For ten years, my father and I bickered back and forth about why I wasn’t going into management. The arguments seemed rational—better pay, better benefits, more chance for advancement—but they didn’t move me. Maybe it’s an introvert thing, maybe it’s just that I prefer being responsible only for my own actions. Whatever it is about being “in charge,” it’s not a passion for me.
My interest is in writing, preferably for someone else, with minimal supervision. I prefer to be a teammate or an “independent contributor,” responsible only for bossing around myself. I have any number of reasons, but the bottom line was that I don’t enjoy being in charge of other people.
However, our economic system most often pays those who supervise (or lead, which is not always the same skill) more than those who are supervised.
Leaders, Managers, & Supervisors
Regardless of what you call the role, a person in a leadership position is charged with directing the performance of others. This requires the ability to make requests and ensure that they get done. Leadership requires organization abilities, including the ability to make and follow a schedule, assign tasks, and ensure that resources are on hand to perform the work. People in leadership positions need to be willing and able to provide feedback on performance and discipline subordinates and to answer to higher levels of management or to customers in the event of non-performance. Leaders also have to be creative enough to develop and articulate new goals to improve the capabilities, outputs, and income of an organization. Senior leaders are concerned with the performance of the overall organization.
If you’re in “middle management,” you can be both a leader and a follower, which again is another set of skills. It requires the ability to interpret directions from “on high” and convert them into action plans for others in the organization. It also requires the ability to communicate feedback “up the ladder” if directions are creating performance, resource, or morale problems. The middle manager’s primary concern is with the collective performance of the individuals under his/her area of responsibility.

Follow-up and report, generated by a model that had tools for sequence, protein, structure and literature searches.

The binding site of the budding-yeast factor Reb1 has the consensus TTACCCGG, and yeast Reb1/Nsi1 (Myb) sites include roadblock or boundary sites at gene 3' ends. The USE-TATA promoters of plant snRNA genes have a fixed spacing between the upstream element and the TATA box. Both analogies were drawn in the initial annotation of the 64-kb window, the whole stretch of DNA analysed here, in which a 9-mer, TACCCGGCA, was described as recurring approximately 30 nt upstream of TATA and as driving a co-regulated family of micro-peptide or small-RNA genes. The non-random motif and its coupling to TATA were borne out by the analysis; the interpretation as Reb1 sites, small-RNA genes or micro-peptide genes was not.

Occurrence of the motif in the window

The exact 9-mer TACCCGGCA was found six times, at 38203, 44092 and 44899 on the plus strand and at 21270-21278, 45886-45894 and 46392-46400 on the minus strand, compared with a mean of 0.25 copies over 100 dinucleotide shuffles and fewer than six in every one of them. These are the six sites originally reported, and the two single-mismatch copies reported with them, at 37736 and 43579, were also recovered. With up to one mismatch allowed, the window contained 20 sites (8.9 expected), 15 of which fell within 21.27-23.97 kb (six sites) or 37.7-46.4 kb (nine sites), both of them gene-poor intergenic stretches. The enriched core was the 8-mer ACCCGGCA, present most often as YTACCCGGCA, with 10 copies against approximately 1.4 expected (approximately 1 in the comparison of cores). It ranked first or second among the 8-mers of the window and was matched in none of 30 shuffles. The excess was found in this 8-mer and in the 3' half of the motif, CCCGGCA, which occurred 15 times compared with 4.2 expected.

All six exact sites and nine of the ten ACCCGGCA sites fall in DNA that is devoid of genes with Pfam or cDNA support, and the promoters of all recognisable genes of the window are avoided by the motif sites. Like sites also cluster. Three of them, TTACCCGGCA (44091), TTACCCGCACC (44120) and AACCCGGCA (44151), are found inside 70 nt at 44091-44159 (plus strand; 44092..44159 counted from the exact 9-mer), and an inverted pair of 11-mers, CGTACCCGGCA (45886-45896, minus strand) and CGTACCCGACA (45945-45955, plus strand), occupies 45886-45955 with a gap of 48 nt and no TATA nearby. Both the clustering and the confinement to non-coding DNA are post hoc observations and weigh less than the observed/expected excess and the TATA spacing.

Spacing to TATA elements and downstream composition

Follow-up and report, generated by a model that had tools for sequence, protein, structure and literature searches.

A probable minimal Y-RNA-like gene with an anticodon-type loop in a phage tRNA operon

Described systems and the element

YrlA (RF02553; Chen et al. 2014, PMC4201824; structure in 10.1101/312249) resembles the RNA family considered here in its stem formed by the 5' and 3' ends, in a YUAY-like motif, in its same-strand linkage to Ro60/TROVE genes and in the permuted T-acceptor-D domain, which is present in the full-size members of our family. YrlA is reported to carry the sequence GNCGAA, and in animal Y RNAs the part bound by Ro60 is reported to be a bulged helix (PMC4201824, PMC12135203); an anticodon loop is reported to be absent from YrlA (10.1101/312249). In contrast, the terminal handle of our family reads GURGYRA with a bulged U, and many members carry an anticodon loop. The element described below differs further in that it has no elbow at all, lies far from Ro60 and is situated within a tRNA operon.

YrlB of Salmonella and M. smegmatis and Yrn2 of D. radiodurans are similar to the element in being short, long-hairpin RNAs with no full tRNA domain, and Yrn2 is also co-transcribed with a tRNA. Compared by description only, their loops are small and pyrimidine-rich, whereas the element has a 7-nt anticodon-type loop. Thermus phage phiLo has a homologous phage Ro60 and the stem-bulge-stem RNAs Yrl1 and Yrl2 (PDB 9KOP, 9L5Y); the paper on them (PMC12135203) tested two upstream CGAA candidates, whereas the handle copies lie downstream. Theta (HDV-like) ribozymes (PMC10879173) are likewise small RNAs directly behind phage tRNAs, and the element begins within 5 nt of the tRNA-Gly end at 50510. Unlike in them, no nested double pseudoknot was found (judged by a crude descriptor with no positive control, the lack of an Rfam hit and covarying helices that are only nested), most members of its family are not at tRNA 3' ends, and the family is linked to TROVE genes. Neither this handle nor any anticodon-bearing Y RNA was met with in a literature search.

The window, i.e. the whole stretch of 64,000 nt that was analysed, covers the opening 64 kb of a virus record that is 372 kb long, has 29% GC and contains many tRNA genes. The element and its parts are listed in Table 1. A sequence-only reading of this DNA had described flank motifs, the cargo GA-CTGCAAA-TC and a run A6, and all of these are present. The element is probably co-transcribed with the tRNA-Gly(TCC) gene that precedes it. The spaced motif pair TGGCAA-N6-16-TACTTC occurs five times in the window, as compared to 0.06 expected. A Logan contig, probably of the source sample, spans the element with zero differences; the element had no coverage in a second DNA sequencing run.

Followers, Employees, & Subordinates
Again, call a “follower” what you will, but individuals in this role are working as an employee and are reporting to someone else, usually with no one reporting to you. Often you are on the “front line” of an organization, creating the product or service outputs that make a company profitable. You could be high- or low-skilled, but are primarily taking direction from others. Your level of input, autonomy, or creativity in the role would vary by industry or role, but the primary social skills expected are the ability to take directions and accurately execute them. The subordinate’s primary concern is with his or individual performance of a task.
This is a specialized—and increasingly common—role in American industry. Individual contributors can be classified as subject matter experts, consultants, contractors, or “talent.” They are brought into an organization to contribute to specific projects or outcomes. They might work as a peer with any or all levels of a hierarchy, acting in both leadership and subordinate roles, both listening to inputs and offering advice. Technical skills could range from engineering and medicine to teaching and the performing arts, while social skills include independence, diplomacy, a “service-minded” orientation, and positive attitude. The primary concerns of an independent contributor are the performance of his/her individual tasks as well as the contributions or value-added they can provide to the customer, which is the organization.
So where do you see yourself?